Sarah Lucas

City Racing

Somewhere, I think in Northanger Abbey, Jane Austen says of the world that circumstances change and opinions alter. It seems that, in some respects at least, she was only half right. In England last year a group of gay men were arrested and charged with assault because of the sadomasochism they practiced. None of those involved had made a complaint, since none had anything to complain about. The Crown, however, viewed it differently and decided to prosecute, because inflicting pain, whether at the invitation of those to whom it is meted out or not, is an activity that quite simply ought not to go unpunished. Those detained were found guilty and their subsequent appeal against sentencing was turned down. The tabloid press, of course, had a field day with this story. They had license to talk all they liked about what men do in the privacy of their own homes, knowing that they could ultimately find protection behind sanctimonious, heterosexist moralizing. The selected appeal to standards of behavior, prurience, vindictiveness and homophobia in this case beggar belief, but they are some of the yet-unaltered opinions against which Sarah Lucas’ art places itself.

“PENIS NAILED TO A BOARD” was a headline to this story when it appeared in one of the less savory of Britain’s tabloid newspapers. Lucas made a child’s jigsaw puzzle from it, pasting the men’s photographs accompanying the text onto blocks that could then be fitted into the appropriate holes in a cardboard template of the newspaper-page layout. It is a simple exercise, not at all intellectually taxing, and one quite in keeping with the bluntness of the messages Lucas’ work looks at. Her material is sexual stereotyping, gender roles, but there is nothing grimly correct about her subversive stance. What shifts it out of grinding rectitude is the surreality of the territory in which she operates. On the gallery walls were three very large blowups of spreads from the Sport, a publication whose devotion to the creed that sex sells newspapers is of quasi-religious dimensions. On its pages the realities of sexual commodification and of the wielding of oppressive power by men over women rub up against the realm of fantasy. The stories, which are interspersed with the magazine’s otherwise unremitting diet of soft-porn photographs and ads for telephone sex lines, are unashamedly concocted in the style of the National Enquirer. Fantasy is a crucial imaginative motor for the maintenance of such oppressive power, but in the blatant self-awareness of their crass untruthfulness (untruthfulness is not, in fact, the right word since their existence makes no claims to any conceivable truth criteria) these stories make room for Lucas to turn their message to her own end. On the page their risibility allows them to slide out of any responsibility they might be called upon to take for themselves and for the values they promote. Enlarged to the scale of a big boy’s painting, their bombast wipes out any chance of them getting away with the line that they were “only joking.”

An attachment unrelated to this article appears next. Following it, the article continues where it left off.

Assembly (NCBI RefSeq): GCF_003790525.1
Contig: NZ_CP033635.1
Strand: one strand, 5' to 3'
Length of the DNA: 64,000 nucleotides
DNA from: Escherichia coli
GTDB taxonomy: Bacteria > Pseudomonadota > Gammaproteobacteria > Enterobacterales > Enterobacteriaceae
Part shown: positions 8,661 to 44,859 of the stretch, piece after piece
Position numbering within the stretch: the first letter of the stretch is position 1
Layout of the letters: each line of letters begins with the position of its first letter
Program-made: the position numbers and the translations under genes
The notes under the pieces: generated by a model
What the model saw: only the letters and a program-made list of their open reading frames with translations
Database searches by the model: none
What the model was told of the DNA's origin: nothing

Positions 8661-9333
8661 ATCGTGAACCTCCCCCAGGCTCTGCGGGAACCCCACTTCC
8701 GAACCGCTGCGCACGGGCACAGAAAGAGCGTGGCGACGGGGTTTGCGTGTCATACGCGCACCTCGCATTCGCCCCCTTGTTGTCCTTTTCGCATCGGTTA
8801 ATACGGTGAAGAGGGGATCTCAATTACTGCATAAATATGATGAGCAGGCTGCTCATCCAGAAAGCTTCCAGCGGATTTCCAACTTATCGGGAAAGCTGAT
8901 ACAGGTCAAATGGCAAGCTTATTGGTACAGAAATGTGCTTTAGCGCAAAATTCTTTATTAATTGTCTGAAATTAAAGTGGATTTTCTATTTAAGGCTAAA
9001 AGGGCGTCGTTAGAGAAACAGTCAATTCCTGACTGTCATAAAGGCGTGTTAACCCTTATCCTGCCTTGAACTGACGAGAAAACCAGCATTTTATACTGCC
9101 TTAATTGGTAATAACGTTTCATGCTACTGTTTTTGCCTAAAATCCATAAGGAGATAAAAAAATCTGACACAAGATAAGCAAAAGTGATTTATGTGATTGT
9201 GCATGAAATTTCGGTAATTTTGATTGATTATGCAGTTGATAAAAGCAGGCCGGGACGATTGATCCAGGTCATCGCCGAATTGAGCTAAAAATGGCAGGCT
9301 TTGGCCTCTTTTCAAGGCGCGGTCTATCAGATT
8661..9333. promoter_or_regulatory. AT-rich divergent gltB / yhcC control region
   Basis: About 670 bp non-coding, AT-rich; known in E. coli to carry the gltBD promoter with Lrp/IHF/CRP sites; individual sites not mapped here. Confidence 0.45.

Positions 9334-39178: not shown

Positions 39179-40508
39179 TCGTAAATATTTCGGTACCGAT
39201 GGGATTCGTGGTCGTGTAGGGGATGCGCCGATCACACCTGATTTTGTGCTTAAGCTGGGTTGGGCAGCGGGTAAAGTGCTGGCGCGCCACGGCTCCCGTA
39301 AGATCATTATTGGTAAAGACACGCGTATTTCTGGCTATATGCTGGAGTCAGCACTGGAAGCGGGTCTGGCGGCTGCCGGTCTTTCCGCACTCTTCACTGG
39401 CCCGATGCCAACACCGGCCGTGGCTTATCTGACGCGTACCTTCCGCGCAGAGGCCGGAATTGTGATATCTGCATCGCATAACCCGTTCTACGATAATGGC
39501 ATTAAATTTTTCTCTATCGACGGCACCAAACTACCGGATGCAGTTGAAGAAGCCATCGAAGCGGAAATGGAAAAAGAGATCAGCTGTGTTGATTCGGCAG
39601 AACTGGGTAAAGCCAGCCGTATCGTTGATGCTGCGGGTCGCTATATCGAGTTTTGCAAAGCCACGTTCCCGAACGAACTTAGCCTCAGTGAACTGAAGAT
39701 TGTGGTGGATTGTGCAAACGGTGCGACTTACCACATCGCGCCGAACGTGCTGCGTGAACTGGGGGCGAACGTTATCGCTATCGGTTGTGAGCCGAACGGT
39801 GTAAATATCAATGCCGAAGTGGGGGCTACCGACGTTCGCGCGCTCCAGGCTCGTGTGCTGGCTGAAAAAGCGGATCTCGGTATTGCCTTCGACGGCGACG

In an earlier work Lucas catalogued slang and swear words, looking at how men and women are defined through loaded references to their sexual characteristics and proclivities, bodily waste, and so on. She returned to the field in two works in this exhibition, although on both occasions using visual equivalents rather than the words themselves. In the first, a bicycle (a term of abuse, casting aspersions on a woman’s promiscuity—“she’ll let anyone ride her”) was placed in the middle of the gallery and, with Lucas’ characteristically forthright assumption of control, was turned upside-down to rest on handlebars and saddle—no one is going to ride this bicycle. A wooden plank rests across the wheels, forming a narrow shelf on which are propped photographs of a naked male, sporting, in a straight reversal of the clichéd images of women and fruit, banana and apples in place of cock and balls. The second work was a large photomontage, black and white penis tips floating amidst the sickly colors of a canned-vegetable mush. The image was reminiscent, apropos of Lucas’ surreal edge, of nothing so much as Jackson Pollock’s Eyes in the Heat, 1945, although what she had really concocted was dick-head soup. It’s what we’re all swimming (drowning) in.

Michael Archer